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Access Legal success, but disputing a will remains difficult for adult children

by Access Legal

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A mother aged 70 died leaving nearly £490,000 to two charities and nothing to her daughter and five grandchildren.

The recent case of H v Mitson shows how difficult it can be for adult children to dispute a will made by parents who disinherit them.

The daughter claimed she had not received reasonable provision from her mother's will. The court decided to award her £50,000, but she appealed, arguing that she should receive a higher amount due to her financial circumstances.

Although the daughter was in financial need, the Court of Appeal looked at other factors. The court put a lot of emphasis on the fact that the daughter did not expect to receive anything under her mother's will as they had been estranged for many years.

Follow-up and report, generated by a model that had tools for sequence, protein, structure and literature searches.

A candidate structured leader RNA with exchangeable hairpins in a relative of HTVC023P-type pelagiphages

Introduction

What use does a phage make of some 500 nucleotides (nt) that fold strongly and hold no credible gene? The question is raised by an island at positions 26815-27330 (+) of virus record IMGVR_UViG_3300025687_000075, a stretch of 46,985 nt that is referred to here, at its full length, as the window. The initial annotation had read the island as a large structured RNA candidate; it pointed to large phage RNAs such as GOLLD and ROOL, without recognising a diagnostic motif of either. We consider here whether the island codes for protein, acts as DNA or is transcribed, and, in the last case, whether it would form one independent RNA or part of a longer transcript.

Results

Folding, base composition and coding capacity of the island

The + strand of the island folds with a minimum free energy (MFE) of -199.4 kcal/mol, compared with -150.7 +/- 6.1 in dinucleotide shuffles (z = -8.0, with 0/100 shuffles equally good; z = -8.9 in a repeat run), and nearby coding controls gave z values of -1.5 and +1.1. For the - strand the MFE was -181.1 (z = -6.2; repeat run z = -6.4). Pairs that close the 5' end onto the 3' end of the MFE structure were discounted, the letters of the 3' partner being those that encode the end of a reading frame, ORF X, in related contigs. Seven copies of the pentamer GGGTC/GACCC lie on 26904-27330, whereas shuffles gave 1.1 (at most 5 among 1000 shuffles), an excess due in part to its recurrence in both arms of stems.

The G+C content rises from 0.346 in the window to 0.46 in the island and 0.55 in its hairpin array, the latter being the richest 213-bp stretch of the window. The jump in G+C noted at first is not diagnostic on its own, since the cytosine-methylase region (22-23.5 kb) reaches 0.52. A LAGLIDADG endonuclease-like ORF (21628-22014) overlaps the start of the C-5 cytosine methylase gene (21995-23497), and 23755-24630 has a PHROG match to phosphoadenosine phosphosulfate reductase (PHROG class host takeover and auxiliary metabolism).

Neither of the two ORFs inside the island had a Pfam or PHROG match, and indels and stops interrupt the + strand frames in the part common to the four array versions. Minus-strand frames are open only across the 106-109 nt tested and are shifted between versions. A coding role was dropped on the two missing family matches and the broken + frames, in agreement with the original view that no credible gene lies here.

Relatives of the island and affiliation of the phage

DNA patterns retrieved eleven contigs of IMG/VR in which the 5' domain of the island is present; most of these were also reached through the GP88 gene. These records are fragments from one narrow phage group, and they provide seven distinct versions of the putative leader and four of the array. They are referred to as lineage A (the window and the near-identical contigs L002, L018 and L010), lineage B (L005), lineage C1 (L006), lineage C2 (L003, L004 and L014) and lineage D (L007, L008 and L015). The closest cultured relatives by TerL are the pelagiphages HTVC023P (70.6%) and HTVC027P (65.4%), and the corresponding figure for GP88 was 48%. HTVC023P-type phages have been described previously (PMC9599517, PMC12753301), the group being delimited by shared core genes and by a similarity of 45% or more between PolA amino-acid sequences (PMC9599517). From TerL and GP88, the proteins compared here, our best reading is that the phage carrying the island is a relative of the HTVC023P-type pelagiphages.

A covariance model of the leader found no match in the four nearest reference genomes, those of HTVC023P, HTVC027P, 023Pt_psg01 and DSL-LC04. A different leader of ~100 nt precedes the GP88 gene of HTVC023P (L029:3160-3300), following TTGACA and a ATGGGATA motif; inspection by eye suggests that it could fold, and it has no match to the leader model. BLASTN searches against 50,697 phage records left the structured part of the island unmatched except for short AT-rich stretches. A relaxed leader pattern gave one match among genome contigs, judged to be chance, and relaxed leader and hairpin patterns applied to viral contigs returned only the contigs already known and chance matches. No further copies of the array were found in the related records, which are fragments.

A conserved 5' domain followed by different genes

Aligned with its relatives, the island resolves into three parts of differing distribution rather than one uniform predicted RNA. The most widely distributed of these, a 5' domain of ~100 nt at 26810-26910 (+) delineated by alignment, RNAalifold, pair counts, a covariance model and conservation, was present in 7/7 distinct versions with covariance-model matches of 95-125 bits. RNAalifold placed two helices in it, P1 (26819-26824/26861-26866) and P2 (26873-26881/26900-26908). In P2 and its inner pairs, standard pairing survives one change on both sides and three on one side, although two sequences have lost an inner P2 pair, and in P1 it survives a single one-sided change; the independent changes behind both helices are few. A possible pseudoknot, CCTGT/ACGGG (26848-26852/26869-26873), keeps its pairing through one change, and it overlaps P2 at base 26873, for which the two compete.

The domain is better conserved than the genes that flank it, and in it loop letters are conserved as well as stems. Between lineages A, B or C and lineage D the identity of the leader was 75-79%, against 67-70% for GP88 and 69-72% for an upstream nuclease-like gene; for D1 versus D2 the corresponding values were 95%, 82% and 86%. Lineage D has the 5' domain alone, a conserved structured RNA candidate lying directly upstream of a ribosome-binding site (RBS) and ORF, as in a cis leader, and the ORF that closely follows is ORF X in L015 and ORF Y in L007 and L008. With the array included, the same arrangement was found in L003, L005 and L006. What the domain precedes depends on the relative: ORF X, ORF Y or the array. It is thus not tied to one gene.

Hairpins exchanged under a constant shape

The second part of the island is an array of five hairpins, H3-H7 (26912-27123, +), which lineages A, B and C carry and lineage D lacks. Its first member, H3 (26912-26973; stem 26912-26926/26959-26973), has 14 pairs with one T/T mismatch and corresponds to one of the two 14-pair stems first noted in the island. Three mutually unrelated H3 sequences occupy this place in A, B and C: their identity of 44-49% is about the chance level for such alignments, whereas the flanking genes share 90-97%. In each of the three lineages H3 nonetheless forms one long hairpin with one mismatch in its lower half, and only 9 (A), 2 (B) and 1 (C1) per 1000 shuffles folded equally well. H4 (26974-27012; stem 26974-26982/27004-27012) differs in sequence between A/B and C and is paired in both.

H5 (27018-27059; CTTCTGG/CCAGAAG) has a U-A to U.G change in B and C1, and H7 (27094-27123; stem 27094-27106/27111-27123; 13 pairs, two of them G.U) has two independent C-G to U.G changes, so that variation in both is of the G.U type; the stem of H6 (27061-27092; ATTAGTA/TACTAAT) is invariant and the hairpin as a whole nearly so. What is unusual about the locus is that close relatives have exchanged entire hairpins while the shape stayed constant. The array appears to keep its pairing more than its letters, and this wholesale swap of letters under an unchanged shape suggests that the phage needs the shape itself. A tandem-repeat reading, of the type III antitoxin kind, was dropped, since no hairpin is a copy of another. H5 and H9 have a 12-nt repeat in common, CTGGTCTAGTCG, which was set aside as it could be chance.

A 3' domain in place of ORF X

The Court of Appeal therefore felt that the daughter could not have been disappointed and awarded the whole estate to the two charities. The daughter received nothing.

This goes against a run of recent cases where adult children have been successful in claiming from an estate of a parent, and shows that each case must be judged on its own facts.

In 2009, Access Legal dealt with a successful claim made by an adult daughter against the estate of her estranged father.

Even though the daughter's financial circumstances were sufficient, her father had continued to send her money at Christmas and she had come to rely on this.

The beneficiaries of the father's will initially refused the daughter's claim for financial provision from the estate, but later agreed to pay her one quarter of the estate after they heard evidence that it was the father's bad behaviour that had caused the estrangement.

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